Durban — EThekwini mayor Mxolisi Kaunda said there was an alternative plan to get water to Prince Mshiyeni Memorial Hospital in the next three days.
This comes after a pipe ruptured in the vicinity of the Glebelands Hostel, leaving the surrounding areas without water since Friday. Kaunda said that city engineers were on the ground, and fixing the pipe would take them 10 days. He visited the hospital on Wednesday to engage with the management on its challenges.
Speaking to the media, he said they were supplying the hospital with water tankers to fill their two reservoirs to enable it to function. He expected this to begin last night. Kaunda estimated that replenishing of the reservoirs needed about 55 water tankers.
Kaunda said they were dealing with a leaking old asbestos pipe. He said there were plans to relocate and divert the pipeline, which is currently under a bridge on South Coast Road just before Lamontville. He said if they were to dig deeper they would interfere with the infrastructure of the bridge.
“Where the pipe is located at the moment gives us challenges as it affects the structure of the bridge. The pipe is inside the bridge, so therefore it’s important to save lives and divert it,” he said.
“We have been pushing engineers for seven days because we want to expedite it so the other intervention can be looked at,” explained Kaunda.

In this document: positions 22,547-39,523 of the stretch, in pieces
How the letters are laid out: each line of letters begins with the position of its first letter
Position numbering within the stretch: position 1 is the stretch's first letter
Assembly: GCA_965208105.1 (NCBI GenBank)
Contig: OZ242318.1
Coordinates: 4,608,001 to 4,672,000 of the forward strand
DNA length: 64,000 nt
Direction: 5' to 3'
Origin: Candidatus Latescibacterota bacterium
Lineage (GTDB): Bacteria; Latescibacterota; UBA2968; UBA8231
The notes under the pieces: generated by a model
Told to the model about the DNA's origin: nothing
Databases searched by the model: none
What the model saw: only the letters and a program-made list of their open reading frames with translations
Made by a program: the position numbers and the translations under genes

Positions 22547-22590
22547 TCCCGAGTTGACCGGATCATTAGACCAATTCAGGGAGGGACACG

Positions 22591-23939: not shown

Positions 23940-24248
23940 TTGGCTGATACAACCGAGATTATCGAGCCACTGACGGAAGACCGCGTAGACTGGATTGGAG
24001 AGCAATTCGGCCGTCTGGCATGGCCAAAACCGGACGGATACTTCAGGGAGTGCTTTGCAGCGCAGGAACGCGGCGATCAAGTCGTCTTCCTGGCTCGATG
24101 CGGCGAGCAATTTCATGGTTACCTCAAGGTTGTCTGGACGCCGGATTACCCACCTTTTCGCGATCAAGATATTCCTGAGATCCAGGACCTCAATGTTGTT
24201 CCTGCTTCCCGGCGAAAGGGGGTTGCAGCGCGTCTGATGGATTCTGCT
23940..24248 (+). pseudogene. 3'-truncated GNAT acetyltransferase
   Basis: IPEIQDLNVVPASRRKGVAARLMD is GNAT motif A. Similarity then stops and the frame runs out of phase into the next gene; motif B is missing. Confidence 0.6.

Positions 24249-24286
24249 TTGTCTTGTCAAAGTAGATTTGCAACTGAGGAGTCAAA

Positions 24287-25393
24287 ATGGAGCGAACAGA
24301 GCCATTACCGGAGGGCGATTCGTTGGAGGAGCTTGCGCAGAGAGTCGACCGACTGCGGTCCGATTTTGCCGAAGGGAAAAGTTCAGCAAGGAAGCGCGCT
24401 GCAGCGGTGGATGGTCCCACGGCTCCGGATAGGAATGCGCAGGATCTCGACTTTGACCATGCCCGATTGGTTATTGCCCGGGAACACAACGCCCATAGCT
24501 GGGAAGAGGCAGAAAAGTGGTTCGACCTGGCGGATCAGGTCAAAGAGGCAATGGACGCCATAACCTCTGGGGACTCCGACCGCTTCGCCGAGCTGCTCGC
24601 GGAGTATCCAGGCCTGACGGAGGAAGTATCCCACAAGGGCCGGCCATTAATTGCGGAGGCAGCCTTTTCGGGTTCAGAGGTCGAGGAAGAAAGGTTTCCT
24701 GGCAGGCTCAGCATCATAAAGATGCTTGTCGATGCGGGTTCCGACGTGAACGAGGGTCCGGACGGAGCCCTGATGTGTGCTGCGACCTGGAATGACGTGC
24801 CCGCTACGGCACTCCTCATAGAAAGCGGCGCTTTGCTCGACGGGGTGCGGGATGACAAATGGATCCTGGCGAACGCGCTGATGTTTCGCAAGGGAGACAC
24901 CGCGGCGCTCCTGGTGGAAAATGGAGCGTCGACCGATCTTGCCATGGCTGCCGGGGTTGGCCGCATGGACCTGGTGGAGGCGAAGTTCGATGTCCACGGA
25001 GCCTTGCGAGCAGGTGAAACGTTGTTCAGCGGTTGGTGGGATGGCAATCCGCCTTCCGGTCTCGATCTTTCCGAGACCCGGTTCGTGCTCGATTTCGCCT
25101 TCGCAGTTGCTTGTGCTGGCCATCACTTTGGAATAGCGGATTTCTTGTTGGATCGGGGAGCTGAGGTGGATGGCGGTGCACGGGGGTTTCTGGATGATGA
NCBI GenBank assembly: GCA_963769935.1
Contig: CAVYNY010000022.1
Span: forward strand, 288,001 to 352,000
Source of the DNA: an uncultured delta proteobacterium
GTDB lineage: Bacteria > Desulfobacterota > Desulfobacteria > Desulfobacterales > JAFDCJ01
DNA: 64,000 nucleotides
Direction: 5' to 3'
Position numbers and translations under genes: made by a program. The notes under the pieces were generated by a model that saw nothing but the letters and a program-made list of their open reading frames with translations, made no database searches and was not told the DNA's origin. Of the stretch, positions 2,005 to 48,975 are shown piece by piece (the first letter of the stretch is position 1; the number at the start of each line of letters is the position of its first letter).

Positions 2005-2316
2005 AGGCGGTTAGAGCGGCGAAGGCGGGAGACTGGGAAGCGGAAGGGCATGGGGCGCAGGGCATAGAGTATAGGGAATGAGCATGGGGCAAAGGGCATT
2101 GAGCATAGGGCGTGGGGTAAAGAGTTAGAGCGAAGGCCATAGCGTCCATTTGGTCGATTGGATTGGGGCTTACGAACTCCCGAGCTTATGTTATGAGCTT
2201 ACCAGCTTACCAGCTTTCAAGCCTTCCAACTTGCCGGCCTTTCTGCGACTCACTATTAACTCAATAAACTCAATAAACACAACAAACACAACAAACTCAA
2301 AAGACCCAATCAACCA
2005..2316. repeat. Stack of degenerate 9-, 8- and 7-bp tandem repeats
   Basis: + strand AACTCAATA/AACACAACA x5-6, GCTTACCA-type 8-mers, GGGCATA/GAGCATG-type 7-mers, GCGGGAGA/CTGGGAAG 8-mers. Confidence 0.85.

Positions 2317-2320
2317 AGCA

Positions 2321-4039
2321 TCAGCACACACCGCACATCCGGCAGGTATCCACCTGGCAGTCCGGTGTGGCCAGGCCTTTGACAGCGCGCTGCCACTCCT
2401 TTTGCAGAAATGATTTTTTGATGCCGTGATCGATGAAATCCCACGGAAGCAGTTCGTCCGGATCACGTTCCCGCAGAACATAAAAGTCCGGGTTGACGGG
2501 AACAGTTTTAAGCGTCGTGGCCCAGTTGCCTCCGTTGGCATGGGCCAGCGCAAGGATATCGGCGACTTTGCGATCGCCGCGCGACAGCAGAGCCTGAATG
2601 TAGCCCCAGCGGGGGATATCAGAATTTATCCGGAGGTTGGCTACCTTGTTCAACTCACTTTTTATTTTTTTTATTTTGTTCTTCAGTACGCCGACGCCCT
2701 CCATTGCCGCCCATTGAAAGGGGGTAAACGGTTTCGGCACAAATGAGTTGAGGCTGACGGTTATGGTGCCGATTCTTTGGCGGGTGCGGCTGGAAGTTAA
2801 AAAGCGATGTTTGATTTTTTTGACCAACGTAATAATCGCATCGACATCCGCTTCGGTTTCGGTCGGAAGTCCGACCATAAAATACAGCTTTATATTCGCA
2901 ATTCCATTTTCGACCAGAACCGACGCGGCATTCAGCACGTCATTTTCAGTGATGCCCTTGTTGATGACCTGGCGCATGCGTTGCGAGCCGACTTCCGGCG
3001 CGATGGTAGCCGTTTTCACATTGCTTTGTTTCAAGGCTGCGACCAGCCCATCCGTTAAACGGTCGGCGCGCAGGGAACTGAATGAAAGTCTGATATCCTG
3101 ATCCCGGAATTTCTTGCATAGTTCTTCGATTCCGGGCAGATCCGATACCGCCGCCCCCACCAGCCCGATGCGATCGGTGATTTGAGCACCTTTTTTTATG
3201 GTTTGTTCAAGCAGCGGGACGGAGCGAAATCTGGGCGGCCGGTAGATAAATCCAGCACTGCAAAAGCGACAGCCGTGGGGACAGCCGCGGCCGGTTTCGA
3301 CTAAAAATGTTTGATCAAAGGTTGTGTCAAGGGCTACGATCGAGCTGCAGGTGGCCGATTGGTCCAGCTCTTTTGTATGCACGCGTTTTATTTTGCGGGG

He said the affected areas included the industrial zones, as well as a small portion of the southern basin, the Glebelands Hostel and small sections of uMlazi V section. He said this was because of the ageing infrastructure.
Kaunda said he was certain that communities, businesses and the hospital would be fully functional and their services would be reinstated within the stipulated repair time.
Speaking of long-term solutions, Kaunda said the City had developed a water master plan that forms part of the provincial water master plan.
“A task team has been put in place to look at short-, medium- and long-term interventions that are needed to address the challenges of water and sanitation in the City. We also introduced a water infrastructure maintenance levy last year. To date, it has accumulated about R60 million. These funds have been set aside to refurbish and maintain infrastructure,” he explained.
Health MEC Nomagugu Simelane said 30 mobile toilets had been hired and were being used to support sanitation services. The hospital continued to manage emergency surgical and maternity cases. She added that four split air-conditioning units were being installed in four theatres to ensure availability of two emergency obstetrics and gynaecological theatres, as well as two other emergency theatres in the main theatre.
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